As a note of caution, the disciplinary atmospheres of the Royal Navy, the Royal Marines, the Army and the Royal Air Force are subtly different. For instance, friends of mine in the Royal Air Force who served with my battalion in Bosnia found remarkable the draconian attitudes that we had to take towards the relatively minor offence of absence, which is almost unknown in the Royal Air Force. Therefore, as the application and delivery of discipline are subtly different between the services, I ask the Minister to assure the House that a mixed panel will be the exception rather than the rule.
I understand the concerns of the hon. Member for Aldershot (Mr. Howarth) about mixed panels in a court martial trying servicemen. I reassure him that we strongly believeas do all three servicesthat a court martial should generally be made up of individuals from the defendants own service. In response to the hon. Member for Newark (Patrick Mercer), such a panel would not include all ranksit would include officers and warrant officers, as is the case now. On this issue, I can do no better than repeat what my noble Friend Lord Drayson said in Committee in the other place on 11 October:
in most cases it is intended that the defendant will appear before a court made up of personnel from his own service. This was the preference of the First Sea Lord and the Chief of the General Staff who in their evidence to the Select Committee said that there should be a presumption for a single service board unless there is a good reason for a mixed board to be appointedfor example, when defendants from different services are tried together.[ Official Report, House of Lords, 11 October 2006; Vol. 685, c. 351.]
Rules will provide the criteria on which the court administration officer should select a mixed panel. I hope that that reassures the hon. Member for Aldershot and other Members that in most cases, as now, a serviceman tried by court martial will appear before a panel made up entirely of members of his own service.
On the issue of the Director of Service Prosecutions, it is essential that we do everything that we can to appoint the best person to that important job. I also recognise the strength of feeling expressed by hon. Members and those in the other place that the person appointed should be someone who has had service experience. The service chiefs considered the matter carefully, and have assured Ministers that they are content with the Bill as it stands. They welcome the consultation that will take place with the principal personnel officers in each of the services about the job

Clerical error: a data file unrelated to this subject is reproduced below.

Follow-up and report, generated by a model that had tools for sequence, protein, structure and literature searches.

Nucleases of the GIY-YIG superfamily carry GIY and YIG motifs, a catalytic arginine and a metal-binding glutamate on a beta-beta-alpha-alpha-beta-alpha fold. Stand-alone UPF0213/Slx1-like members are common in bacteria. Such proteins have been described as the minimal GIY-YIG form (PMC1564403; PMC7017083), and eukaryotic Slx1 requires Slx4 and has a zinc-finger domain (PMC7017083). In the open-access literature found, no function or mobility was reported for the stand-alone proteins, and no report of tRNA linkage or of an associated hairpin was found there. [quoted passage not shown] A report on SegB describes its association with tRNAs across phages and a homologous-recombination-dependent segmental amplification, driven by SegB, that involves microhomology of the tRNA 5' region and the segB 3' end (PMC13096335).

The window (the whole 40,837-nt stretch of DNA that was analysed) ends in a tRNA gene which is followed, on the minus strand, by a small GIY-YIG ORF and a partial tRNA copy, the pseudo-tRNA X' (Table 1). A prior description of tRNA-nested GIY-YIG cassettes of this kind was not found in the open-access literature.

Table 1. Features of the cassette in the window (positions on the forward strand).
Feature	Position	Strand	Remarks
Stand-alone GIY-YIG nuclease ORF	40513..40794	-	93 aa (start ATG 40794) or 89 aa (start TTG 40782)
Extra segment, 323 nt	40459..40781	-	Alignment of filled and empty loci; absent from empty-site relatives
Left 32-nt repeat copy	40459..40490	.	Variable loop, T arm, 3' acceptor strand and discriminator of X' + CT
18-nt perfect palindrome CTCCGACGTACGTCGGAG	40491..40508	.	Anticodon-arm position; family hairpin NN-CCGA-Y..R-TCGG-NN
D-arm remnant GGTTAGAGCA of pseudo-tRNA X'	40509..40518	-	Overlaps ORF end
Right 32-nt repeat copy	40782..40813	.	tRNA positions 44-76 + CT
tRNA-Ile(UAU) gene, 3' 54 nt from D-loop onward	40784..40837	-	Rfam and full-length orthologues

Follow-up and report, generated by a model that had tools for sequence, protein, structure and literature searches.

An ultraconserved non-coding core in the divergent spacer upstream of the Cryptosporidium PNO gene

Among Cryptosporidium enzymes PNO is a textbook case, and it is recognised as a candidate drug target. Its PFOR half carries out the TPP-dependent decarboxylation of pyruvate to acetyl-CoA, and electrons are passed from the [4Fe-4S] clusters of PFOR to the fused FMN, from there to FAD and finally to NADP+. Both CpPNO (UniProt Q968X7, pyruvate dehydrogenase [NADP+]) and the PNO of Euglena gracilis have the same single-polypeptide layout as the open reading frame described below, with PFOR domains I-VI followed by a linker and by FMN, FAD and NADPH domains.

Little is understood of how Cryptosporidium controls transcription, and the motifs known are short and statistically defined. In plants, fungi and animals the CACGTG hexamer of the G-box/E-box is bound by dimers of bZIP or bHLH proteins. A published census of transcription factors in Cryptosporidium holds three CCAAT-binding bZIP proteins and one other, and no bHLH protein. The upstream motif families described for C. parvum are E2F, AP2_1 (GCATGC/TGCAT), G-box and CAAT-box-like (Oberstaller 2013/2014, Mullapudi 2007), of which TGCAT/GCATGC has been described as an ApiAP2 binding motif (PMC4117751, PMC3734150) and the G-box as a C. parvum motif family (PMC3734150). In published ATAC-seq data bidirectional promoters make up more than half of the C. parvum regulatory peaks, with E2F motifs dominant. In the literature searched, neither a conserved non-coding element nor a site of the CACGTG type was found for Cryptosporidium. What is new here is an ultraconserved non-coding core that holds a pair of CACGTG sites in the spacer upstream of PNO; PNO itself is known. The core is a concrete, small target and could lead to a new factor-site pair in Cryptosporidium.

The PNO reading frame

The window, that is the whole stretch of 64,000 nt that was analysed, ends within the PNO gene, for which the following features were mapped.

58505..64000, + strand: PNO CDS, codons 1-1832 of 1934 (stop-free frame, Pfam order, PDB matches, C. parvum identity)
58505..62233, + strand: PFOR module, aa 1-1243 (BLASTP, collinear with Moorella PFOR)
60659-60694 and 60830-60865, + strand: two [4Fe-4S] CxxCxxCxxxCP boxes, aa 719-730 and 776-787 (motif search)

specification and terms and conditions for the post, and the involvement of a senior serving officer in the selection process.
I think that we are agreed on two things: that the director should have the appropriate service experience, and that the recruitment process should be sufficiently robust to ensure that the person appointed will be an outstanding individual who will enjoy the confidence of the services while being entirely independent from them. By service experience I mean an understanding of service life and the operations of each of the services, and of the needs and workings of a service system of justice and discipline.
It is possible that there will be an outstanding candidate for this important post who has no previous uniformed experience, or whose service may have taken place some years ago. In both cases, it would be particularly important for the candidate to undertake an appropriate induction period before taking up the post. Similarly, were the director to be appointed from one of the services, he or she might need a period in which to develop a deeper understanding of how the other two services operate.
We recognise that any induction process needs to be intensive, and of sufficient duration for the individual to develop a thorough understanding of life across the three services. As I have said, it is essential for the director to have a knowledge of how each service operates, and of the needs and workings of the service system of justice and discipline.
Derek Twigg: I shall be brief, in view of the time. These minor amendments are designed to clarify sentencing powers of the Service Civilian Court, to clarify the position on the commencement of activated sentences of detention, and to provide how time spent in service custody is to be treated in relation to sentencing.
Mr. Gerald Howarth: A judgment on the Martin case was delivered recently in the European Court of Human Rights. Ministers have held throughout our proceedings that the Bill is compliant. For the sake of brevity, I shall merely say that the case involved a 17-year-old civilian, the son of a serving soldier, who was tried for murder. The trial took place by court martial in Germany after the father had left the service and, indeed, left Germany. The child was taken back there. Can the Minister tell us whether the case will result in a change in the administration of the Service Civilian Court?